In attracting those firms, GFI offered new tenants, such as Imperial Distributors, a lease including relocation of 300 employees from Auburn in spring 2017, as well as a tax increment financing deal.
“It’s a two-headed monster,” said Mr. Murray. “U.S. Steel was an exception rather than the rule. The dual tax rate is antithetical to growing your commercial and industrial tax base. It impedes growth and particularly hurts manufacturing and research and development companies.”
John Killam, president and CEO of the Massachusetts Manufacturing Extension Partnership, said the loss of not only companies but also manufacturing jobs from Worcester deeply impacts the middle sector of the economy as many other hidden service-oriented firms lose contracts and work as the result of a relocating client.
“We’re missing the economic impact these manufacturers make within the community. For every manufacturing job in a community, two to three other non-related jobs in the economic ecosystem are created,” said Mr. Killam listing restaurants “even taxi cabs.”
Calling the industry and “economic generator,” he added: “When we hear arguments over the dual tax rate, we’re not capturing the other jobs that will be affected [and] aren’t directly associated with that relocating company.”
A March 2017 Worcester Regional Research Bureau report found setting city tax rates is often “not a fact-based policy decision.” The report calls for development of criteria and a strategic approach that would encourage the city council to put forth its own rate proposals.
While working to mitigate financial challenges during the transition to a single rate, the Bureau’s white paper offered two strategies with a basic formula tracking changes in both residential and commercial/industrial rates. The first idea explores setting a pre-determined transitional period to a single rate while the second “buffers” residential payers by freezing current commercial/industrial property contributions. As a safety measure, both proposals emphasize the potential for city councilors to slow or increase the transition based on annual economic indicators.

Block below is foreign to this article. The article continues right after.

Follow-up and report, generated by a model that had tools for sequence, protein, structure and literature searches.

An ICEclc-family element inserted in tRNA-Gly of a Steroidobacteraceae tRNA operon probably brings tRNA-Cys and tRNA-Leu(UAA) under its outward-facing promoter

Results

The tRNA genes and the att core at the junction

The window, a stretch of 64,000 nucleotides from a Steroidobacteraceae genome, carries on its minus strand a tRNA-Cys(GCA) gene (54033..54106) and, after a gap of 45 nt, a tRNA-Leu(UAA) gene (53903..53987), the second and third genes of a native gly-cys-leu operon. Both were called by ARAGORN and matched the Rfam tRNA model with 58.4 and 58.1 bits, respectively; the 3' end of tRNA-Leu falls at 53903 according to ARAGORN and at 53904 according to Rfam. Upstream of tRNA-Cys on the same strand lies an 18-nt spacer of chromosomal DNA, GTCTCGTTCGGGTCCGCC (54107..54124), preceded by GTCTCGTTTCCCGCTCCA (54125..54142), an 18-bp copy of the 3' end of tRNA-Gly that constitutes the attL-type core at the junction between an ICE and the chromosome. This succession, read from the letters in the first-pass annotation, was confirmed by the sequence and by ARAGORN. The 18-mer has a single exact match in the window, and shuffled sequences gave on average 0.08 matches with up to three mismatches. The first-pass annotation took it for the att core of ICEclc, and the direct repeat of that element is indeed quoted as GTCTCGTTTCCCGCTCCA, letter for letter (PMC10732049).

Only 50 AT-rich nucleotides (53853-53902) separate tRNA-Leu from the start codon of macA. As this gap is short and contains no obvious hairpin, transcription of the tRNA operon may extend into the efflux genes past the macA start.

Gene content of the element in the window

Certified Enrolled Agent Gary M. Gaffin; owner of Gary M. Gaffin Accounting, Inc., a 21-year-old accounting practice on Park Avenue, believes city councilors’ continuous renewal of the dual tax rate is not only unfair to larger employers, but also small businesses like his who employ micro staffs and are the backbone of the city’s economy.
In particular, Mr. Gaffin strongly argued against his own District 5 Worcester City Councilor Gary Rosen’s point that a single tax rate would adversely affect the elderly living on fixed incomes.
“My office manager is 83 years old and by raising my taxes, I can’t afford to give her a raise,” he said, adding that state employee health care cost increases combined with the city’s ongoing tax rate hikes can mean the difference in hiring a full-time employee or a temporary worker.
Mr. Gaffin pays roughly $1,600 per quarter in commercial/industrial taxes and has heavily invested in renovating his building, which he believes attracts more business and consumers to Park Avenue.
Mr. Murray agreed, adding that the Chamber’s public advocacy on this issue has largely been unsuccessful over recent years.
“We’ve gone backwards,” he said. “With the makeup of this council … we can see their votes have been a factor in many of these exits.”